In Antigua Guatemala you’ll find an eclectic mix of small hotels, shops, Spanish schools, restaurants and bars


7a Avenida Norte in Antigua Guatemala7a Avenida Norte in Antigua Guatemala

On the 7a Avenida Norte in Antigua Guatemala you’ll find an eclectic mix of small hotels, shops, Spanish schools, restaurants and bars, all of which are somewhat away from the main fray that radiates from the Parque Central.

Yolkobsens enjoy this stretch of Antigua Guatemala’s “avenida-scape,” located on the 7th Avendida Norte between the 4th and 1st Calles, because its a different arena for people watching, store browsing and, yes, restaurant sampling.

Over a few weeks, Yolkobsens had lunch in a number of establishments on this unique strip of the town. The following provides short reviews of three.

Antigua (Guatemala) Leyendas — 7a Avenida Norte #42

Located at one of the more southern points of the avenue, Antigua (Guatemala) Leyendas is a cozy family-run establishment decked out in classic Guatemalan colours.  The walls hold framed concepts of the “leyendas” legends from the Maya origin stories.  While dining you can enjoy the wall depictions of Maya stories of creation, destruction and rebirth.  No extra charge.

The food is well prepared and typical of the Guatemala lunch. But Leyendas’ platos have a real home cooking appeal.  I had a kindly-prepared roast chicken, with scented rice and crisp seasonal vegetables.  Mr. Y. had a pork cutlet with spaghetti and broccoli, cooked just right.  The service was excellent, with the cook coming out to ask how we were enjoying her offerings.  She made us feel like we were sitting in her home having lunch with an old friend.  The fare at Antigua is very reasonably priced.  The tab for two, including non-alcoholic beverages, was less than you’d pay for one McFeed for one person back in your hometown.

Restaurante La Estrella  – 7a Avenida Norte #42
7a Avenida Norte in Antigua Guatemala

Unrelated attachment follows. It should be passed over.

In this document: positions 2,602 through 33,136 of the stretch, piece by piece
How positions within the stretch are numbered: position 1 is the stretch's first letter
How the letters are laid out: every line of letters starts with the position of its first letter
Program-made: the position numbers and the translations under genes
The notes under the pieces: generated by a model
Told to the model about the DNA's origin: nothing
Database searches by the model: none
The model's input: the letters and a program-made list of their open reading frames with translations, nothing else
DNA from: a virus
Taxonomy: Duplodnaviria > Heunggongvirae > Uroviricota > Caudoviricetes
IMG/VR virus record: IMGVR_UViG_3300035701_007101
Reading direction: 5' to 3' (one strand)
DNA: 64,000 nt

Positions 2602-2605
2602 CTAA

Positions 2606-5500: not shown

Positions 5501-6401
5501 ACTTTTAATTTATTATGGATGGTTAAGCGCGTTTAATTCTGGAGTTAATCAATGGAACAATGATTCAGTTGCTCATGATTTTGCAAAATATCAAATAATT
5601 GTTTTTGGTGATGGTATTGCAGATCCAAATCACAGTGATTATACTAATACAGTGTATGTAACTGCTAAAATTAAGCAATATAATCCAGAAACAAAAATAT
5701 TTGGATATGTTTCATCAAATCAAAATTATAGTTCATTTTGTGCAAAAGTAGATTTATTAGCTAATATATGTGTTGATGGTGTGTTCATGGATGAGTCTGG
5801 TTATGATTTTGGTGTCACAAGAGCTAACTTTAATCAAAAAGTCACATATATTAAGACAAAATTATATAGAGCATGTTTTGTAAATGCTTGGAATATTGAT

North Americans like variety in their food.  So if you are one of those and have a hankering for Chinese cuisine, this is a good place to drop into.  The only indication that this is a Chinese food restaurant is the lovely black and gold Mandarin screen that sits in the front entrance way and which can be seen clearly from the street.   If you look up, immediately from the screen, you’ll see a Guatemalan flag depicted under the restaurant sign.  All of this makes for a real multicultural start.

Once in the eatery, there’s not a hint of anything from the orient.  It could be any Guatemalan eatery in a converted colonial house, but for the presence of Estrella herself.  There’s something supremely graceful about this woman as she moves from table to table.  Her small daughters caper about her as she manages tables and the kitchen and she doesn’t lose a beat with them or her customers.   When she comes to your table you feel you are in the presence of a kind and clear soul.  The food is really good too.

We ordered the mixed vegetables, a constellation of crisp seasonal vegetables done with the time-honored Chinese preference for plenty of corn starch to make the food glisten.  It tasted pretty much the way it would at your hometown Chinese place, but with a Guatemalan flavor.  Fried rice was competently prepared with four ingredients — pork, beef, shrimp and egg — a real protein plate.  This was also very good and the soy sauce provided was easy on the sodium so that it mixed in to enliven but not overshadow the rice dish.  Price for two, including a beer for Mr. Y and soft drink for me, rang in at what you might pay for a two small lattes and a pastry at your local hometown over-priced coffee chain outlet.  Hint, hint: Seattle-based corporation.

Jardin Bavaria – 7a Avenida Norte #49

This odd mix of Bavaria and Guatemala is worth looking into if you find yourself in the 7th avenue north barrio/nachbarshaft, especially if your palette is yammering at you for a classic plate of German sausage, sauerkraut and fried potatoes that really “schmecks.”

Mr. Y was looking forward to sampling some fine German beer and was encouraged when the waitress, a sweet young Guatemalan woman rocking a classic Bavarian dirndl, poofy-sleeved white blouse and striped apron, put down coasters promoting Konig Pilsner.  He was somewhat disappointed that the beer menu consisted of Gallo, Gallo and Gallo.  However, his mood lifted when he found the Jardin Bavaria offers the Guatemalan beer on tap, a rare score.  So we still managed to get a “prosit” out of him.

We ordered the Sueno de Sandwiches for two.  This is a honkin’ big plate of four kinds of sausages, and yes, sauerkraut and fried potatoes.  The sausages tasted really authentic and are made in the fine old “wurst” tradition. The mustard, which is all important since it is the only condiment, also had that real old country authenticity. The meal was complemented with two kinds of pretzels, hard and soft, which are baked in the Jardin’s kitchen.

In the end, we thought we would have to do a star turn of the “She’s Too Fat for Me Polka” if it played on the music system.  It’s a lot of food but it’s good food.  The service was excellent and friendly.  We rolled out of there after our meal, which included two draft beers and an agua pura, for a third of the price you would pay at German restaurant in your northern “ciudad natal/heimatstadt.”  For you monolinguals out there, that’s German-Spanish for your hometown.


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